based within the appellation, although the wines are produced under the
supervision of Jean-Christophe Bourgeois, assisted (until 2008 when she
upped-sticks and moved to Champagne Krug) by young oenologue, Raphaëlle Léon-Grillion.
The name of the grower involved remains ‘confidential’.
The grapes themselves are sourced from the Haute-Victoire and whilst
volumes change from year to year, they can be expected to account for
about 8 hectares of vines, producing around 50,000 bottles a year.
du Val de Loire
34 route de Bourges
T: + 33 2 48 64 88 88
F: + 33 2 48 64 87 97
has been installed in the Berry since 1996. Originally from Touraine, the
company purchased 15 hectares of vineyards on the plateau des Coudereaux
in Quincy. The grapes are crushed in the failed Agri-Cher cellar on the
road between Quincy and Preuilly, although the vinification is conducted
in Menetou-Salon (where they also own vineyards). They also crush one
hectare’s worth of Reuilly Sauvignon Blanc at this facility too,
producing about 6,500 bottles a year.
180 avenue de Verdun
T: + 33 2 48 54 02 34
F: + 33 2 48 54 35 61
Domaine Fouassier market a Quincy within their range of wines. There is no
evidence that this comes from a specific domaine in the appellation and is
more likely bought ‘off the peg’.
Celliers de la Pauline
Place du Bourg
26 rue de la Mairie
T: + 33 2 48 79 91 46
F: + 33 2 48 79 93 48
represents the fourth generation to have made wine in Sancerre. He also
lists a Quincy within his range, although this is sourced rather than
produced by the domaine.
des Vins de Sancerre
682 Avenue de Verdun (Route de Bourges)
T: + 33 2 48 54 19 24
F: + 33 2 48 54 16 44
The ubiquitous cave co-operative
in Sancerre also offers a Quincy within their selection, which is sold as
‘Cuvée Jonquille’ and carries an image of the
eponymous daffodil on its label.
GROWERS – Past:
Pipet celebrated his 100th birthday on 7th February
1990. His son, Raymond, was the president of the growers association
between 1964 and 1987 at the most troubled time of the appellation. The
Pipets owned 14 hectares of which 12ha were planted to Sauvignon. The
wines were imported into the UK by Robin Yapp in the 1970s. Raymond was
the last generation of Pipets to work the vines. On his retirement, the
Pipets’ Pinot Noir vineyard (destined for Vin de Pays) was acquired by
Domaine de Villalin.
Was the most
important grower in the appellation after the Second World War and an
ex-president of the growers syndicat.
The family vineyards morphed from Domaine Lapha to Lapha-Meunier until the
six hectares of Domaine Meunier (whose signs still can be seen in the
centre of the town) were acquired by David
Paepegaey in 1999.
late 1970s until the early 1990s, this was the largest single producer of
Quincy. At one point, their 25 hectares represented between one-quarter
and one-third of the entire appellation. The domaine was under the control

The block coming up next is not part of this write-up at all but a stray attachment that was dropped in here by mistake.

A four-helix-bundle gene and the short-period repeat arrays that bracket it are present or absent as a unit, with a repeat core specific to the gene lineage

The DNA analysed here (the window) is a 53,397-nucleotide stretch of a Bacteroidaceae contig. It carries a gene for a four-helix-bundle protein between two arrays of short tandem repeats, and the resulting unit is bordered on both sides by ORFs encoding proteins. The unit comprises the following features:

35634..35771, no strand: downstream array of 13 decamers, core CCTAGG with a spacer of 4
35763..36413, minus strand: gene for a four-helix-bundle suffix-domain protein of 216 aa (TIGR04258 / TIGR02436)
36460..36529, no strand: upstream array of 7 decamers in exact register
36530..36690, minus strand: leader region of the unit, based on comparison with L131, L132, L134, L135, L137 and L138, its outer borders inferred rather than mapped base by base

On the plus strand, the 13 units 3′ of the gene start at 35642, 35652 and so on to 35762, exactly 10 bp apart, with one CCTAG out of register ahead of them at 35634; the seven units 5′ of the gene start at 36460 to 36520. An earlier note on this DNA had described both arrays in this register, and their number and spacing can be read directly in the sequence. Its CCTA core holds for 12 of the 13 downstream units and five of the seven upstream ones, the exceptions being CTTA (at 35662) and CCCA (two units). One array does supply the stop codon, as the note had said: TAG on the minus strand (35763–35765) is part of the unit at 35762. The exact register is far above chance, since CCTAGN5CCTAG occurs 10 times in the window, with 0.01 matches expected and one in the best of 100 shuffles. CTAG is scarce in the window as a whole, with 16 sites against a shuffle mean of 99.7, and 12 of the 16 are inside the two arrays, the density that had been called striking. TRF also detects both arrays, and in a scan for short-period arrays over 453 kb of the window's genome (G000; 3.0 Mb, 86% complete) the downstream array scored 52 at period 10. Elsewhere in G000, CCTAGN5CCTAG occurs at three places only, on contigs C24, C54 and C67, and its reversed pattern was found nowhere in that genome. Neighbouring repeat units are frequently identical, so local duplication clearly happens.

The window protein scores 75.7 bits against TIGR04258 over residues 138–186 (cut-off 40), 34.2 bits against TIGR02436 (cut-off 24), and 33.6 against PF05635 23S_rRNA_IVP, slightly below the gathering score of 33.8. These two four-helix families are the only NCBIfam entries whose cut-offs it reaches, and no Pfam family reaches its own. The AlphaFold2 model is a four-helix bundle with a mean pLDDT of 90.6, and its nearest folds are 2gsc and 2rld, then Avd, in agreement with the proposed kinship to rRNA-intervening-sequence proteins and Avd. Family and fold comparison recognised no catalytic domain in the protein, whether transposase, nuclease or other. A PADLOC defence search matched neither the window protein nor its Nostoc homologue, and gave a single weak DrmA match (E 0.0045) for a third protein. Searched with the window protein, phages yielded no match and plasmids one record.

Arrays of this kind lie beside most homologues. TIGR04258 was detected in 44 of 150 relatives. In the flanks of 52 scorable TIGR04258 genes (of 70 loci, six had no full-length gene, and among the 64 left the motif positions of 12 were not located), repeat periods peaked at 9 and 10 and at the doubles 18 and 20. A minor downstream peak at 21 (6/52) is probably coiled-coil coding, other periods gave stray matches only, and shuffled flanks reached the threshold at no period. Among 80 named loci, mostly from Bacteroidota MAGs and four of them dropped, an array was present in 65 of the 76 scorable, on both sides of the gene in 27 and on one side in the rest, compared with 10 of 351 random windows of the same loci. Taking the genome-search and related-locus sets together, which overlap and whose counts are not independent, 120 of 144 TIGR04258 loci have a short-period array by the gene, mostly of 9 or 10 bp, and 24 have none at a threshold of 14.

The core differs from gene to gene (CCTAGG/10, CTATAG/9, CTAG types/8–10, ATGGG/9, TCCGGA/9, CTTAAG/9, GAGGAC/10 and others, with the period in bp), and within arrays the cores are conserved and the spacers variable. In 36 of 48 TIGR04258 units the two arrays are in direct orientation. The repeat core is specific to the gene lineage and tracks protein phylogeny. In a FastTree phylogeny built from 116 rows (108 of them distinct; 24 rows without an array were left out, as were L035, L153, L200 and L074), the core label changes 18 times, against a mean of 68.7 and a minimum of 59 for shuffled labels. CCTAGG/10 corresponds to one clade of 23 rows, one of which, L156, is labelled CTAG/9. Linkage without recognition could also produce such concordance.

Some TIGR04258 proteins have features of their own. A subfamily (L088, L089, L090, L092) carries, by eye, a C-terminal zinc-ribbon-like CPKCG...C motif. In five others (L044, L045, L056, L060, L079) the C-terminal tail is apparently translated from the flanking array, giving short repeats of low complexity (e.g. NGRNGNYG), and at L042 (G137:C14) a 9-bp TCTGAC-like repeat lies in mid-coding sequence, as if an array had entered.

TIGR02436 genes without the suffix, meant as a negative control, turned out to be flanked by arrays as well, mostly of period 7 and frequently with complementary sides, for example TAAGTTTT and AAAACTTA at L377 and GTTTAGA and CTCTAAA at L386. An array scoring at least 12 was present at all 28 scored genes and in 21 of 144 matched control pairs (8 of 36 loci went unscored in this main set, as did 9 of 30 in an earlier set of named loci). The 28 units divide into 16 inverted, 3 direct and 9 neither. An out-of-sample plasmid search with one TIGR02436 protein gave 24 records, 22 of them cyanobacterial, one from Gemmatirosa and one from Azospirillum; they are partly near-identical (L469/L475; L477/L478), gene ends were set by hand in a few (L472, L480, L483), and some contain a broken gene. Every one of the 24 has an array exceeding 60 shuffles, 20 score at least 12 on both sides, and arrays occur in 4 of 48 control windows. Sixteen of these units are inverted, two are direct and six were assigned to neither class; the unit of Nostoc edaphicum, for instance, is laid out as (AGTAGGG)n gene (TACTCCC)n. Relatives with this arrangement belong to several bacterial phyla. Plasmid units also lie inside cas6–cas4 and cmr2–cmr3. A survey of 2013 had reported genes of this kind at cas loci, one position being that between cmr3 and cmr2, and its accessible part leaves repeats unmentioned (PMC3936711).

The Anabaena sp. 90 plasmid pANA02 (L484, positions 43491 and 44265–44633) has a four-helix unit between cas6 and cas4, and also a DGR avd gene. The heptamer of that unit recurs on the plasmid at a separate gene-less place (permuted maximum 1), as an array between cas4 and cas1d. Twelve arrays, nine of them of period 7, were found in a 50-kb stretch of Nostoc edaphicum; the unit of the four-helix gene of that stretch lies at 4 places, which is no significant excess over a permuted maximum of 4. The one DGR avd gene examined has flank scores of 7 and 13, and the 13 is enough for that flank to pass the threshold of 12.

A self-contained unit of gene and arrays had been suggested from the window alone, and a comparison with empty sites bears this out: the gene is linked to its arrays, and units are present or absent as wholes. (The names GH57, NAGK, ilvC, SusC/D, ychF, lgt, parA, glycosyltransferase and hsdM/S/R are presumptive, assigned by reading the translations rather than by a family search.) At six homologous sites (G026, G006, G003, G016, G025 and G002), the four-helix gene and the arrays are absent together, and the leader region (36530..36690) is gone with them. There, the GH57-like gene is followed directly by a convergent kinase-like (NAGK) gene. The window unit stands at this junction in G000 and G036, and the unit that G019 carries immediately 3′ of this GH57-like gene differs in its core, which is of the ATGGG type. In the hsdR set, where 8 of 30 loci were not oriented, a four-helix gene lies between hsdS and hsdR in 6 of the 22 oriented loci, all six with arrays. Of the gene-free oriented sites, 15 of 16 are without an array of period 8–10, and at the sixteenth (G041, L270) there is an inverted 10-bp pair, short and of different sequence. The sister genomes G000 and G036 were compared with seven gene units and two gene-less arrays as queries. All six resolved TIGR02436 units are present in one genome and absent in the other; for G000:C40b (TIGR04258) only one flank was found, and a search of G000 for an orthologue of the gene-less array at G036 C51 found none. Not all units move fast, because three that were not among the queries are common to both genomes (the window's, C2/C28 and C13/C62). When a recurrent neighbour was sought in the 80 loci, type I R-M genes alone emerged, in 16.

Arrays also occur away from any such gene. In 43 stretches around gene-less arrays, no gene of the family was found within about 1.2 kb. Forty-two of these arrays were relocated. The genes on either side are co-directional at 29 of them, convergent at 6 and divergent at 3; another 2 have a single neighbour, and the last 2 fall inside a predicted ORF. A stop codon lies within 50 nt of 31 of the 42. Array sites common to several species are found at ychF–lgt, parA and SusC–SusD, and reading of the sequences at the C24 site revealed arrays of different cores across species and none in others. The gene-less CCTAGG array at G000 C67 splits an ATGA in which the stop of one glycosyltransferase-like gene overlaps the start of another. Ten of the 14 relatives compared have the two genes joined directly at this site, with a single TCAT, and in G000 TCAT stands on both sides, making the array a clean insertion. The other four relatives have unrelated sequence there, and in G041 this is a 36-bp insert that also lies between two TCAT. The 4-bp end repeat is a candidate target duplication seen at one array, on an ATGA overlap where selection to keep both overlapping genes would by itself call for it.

of the now defunct Loire négociant
Albert Bescombes, who were based in Saint-Hilaire-Saint-Florent, next to
Selice de Quincy
T : + 33 2 54 04 04 48
was one of the most celebrated wine journalists, writing for the French
bi-monthly magazine Vintage. He
was born close to Reuilly so had a strong connection to the wines of the
Berry. A long time friend of Nicolas Joly, Sallé made a decision to
invest in vineyards in Quincy in the 1990s and created a label called
‘Selice de Quincy’. Best described as a failed idealist, he elected to
grow his grapes organically, but the resulting yields of 15 to 20hl/ha
were not viable and the enterprise was bankrupt by 2003. His vines were
subsequently taken on by Philippe Portier.
I have tasting notes for the 2000, 2001 and 2002 vintages that date back
to February 2003. The wines were all raised in barrel and atypical of the
appellation. One can understand why consumers were not prepared to pay the
high price demanded to compensate for the low yields and high production
et Nicole Jaumier
9 Route Lury
T: + 33 2 48 51 33 55
F: + 33 2 48 51 31 02
Jaumier was a wine-loving Parisian who studied in Bergerac and worked for
a while at Château La Tour Blanche in Sauternes. He and is wife, Nicole,
took over the domaine of a retiring vigneron
in 1987, but in turn sold out to Vincent Siret-Courtaud in 2006.
T: + 33 2 48 78 20 10
F: + 33 2 48 78 20 19
Hubert Brocard who are based in Chavignol, dabbled in the appellation in
the early part of the last decade. I remember tasting a (not very good)
2000 vintage Quincy at the Salon des
Vins de Loire in 2003.
T: + 33 3 86 39 57 75
F: + 33 3 86 39 08 30
Guy Saget once listed in a Quincy in their range and I have a reference to
‘La Boissière’ from the 2002
Below are the names of other vignerons
whose names have occurred during the course of my research. They are named
here for posterity.
- who worked in the cellar that once belonged to Emil Roux.
& Raymond Rapin –
two brothers; between the 1940s and 1970s.
Gilbert Surtel -
whose daughter and son-in-law took over on his death to create …
Gabriel Lavisse -
Eric Montintin –
Sancerre grower who at least marketed a Quincy circa